Paul: For more information on when you can use force in your state, please go to GunLawSeminar.com and register to attend one of our events in your area. If you missed Part I of Clint’s story, you can click the link on your screen to see it. And as always if you are not a member we would love for you to join us at uslawshield.com.

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The Restaurant Has a Bar. Can I Carry? Virginia

Spring Break is here, and everyone is thawing out after a long winter. Watch Independent Program Attorney Ed Riley instruct you on the law before walking into a restaurant or bar with your firearm.

What is the Law in Virginia for Bars and Guns?

Generally, alcohol and Firearms do not mix. In Virginia, there are a few key laws that you need to be aware of concerning alcohol and the carrying and possession of firearms in Virginia.

Under Virginia Code Section 18.2-308.012, you cannot conceal carry a handgun on the premises of a restaurant or bar that is controlled by the Virginia ABC Board and consume an alcoholic beverage. This statute also makes it illegal for any person licensed to conceal and carry a handgun to be under the influence and carry that handgun in a public place.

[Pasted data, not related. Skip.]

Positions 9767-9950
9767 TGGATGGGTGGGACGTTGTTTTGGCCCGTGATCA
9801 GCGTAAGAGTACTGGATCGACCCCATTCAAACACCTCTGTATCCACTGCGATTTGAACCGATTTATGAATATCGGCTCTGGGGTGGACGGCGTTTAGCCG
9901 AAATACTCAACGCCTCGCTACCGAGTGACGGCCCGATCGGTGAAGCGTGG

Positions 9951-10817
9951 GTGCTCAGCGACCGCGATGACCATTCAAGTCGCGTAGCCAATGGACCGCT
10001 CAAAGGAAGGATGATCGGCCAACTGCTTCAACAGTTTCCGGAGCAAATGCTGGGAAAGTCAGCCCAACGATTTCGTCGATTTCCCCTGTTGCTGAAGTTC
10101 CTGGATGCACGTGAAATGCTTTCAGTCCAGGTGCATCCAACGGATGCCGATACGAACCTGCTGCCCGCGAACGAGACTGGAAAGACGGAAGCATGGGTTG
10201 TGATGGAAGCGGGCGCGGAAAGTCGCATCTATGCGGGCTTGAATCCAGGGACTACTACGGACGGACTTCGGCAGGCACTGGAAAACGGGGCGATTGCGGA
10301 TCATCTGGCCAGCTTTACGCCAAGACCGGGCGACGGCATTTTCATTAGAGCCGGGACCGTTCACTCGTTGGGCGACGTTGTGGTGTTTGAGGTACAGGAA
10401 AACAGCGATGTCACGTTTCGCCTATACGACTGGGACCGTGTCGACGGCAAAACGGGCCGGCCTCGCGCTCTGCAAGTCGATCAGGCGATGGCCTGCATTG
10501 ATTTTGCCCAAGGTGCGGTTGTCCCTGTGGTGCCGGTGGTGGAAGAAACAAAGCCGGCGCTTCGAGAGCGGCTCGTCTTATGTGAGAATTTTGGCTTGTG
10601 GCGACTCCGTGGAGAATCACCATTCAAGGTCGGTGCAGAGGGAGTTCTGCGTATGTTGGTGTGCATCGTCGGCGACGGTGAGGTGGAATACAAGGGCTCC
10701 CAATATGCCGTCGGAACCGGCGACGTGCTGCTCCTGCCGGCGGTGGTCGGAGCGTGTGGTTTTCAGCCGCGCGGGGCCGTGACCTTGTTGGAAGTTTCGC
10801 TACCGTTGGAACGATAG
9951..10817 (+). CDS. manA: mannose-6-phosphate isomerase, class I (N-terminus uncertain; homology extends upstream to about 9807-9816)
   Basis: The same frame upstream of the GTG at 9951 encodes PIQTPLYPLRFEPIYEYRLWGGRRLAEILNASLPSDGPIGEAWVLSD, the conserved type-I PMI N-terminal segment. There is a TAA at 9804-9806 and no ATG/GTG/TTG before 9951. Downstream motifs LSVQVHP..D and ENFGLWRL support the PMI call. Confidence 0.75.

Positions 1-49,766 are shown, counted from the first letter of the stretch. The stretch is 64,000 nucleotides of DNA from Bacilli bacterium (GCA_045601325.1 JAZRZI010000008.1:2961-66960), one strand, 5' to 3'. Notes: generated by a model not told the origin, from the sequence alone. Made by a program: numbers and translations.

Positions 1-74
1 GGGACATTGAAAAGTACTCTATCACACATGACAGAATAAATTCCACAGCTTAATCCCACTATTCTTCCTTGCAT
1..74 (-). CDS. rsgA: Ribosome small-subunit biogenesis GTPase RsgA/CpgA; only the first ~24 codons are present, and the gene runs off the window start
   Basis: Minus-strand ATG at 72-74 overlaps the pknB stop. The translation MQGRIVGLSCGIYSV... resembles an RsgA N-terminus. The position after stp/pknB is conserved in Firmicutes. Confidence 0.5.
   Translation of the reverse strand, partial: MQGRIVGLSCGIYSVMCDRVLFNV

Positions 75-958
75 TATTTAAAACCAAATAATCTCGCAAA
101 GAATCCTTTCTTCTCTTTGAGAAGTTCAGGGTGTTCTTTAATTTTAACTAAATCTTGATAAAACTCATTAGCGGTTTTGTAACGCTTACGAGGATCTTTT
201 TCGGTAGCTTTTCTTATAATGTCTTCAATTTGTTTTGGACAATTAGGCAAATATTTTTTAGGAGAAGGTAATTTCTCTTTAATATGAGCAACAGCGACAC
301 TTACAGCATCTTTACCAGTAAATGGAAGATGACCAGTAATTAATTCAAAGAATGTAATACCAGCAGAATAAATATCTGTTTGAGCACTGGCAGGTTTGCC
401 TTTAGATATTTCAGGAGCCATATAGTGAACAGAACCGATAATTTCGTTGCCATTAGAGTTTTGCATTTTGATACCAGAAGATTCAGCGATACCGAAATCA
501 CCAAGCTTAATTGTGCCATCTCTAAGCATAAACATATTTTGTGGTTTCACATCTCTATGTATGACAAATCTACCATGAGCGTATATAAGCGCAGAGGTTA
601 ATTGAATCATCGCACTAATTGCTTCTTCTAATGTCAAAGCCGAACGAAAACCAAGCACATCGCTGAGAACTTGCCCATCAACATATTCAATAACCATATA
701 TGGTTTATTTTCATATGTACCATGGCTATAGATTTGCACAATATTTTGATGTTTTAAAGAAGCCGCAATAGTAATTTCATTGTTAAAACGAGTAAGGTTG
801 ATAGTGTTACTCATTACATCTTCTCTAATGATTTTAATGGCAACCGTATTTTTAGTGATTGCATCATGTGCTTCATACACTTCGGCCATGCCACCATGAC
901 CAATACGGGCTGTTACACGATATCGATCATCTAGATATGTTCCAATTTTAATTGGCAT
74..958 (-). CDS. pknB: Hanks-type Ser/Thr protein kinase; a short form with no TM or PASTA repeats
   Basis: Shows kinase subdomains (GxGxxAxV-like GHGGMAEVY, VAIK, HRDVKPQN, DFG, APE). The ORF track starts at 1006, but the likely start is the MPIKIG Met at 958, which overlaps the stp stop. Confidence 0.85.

If convicted under this statute, your concealed carry permit will be revoked and you will not be eligible to reapply for that permit for five years. 

It’s important to note that most establishments that sell alcohol are licensed by the Virginia ABC Board, or privately owned. That means they are private property and the owner of such property has the right to ban firearms from their establishment.

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Know Your Ammo – Virginia

There are so many varieties of ammunition on the market today, but not every type is perceived the same in the eyes of the law. Watch Independent Program Attorney Ed Riley explain how the type of ammo you use could affect you.  

Ed Riley: Hi, Ed Riley, U.S. LawShield Independent Program Attorney for Virginia. In this segment, we are going to discuss ammunition. Here are a view key points we want you to know about ammunition. Number one, if you cannot possess a firearm, most likely you cannot possess ammunition. A couple of examples would be, if you’re a felon or if you have been adjudicated mentally defective, or you’re a fugitive from justice. There are many others to consider, but if you can’t possess a firearm then the odds are very good you can’t possess ammunition.

Number two, as to the specifics of the ammunition, most of you LawShield members are buying ammunition from the same place you are buying most of your guns, which are big stores or federal licensed firearms dealers. So the odds of them selling ammunition that is not legal is pretty slim.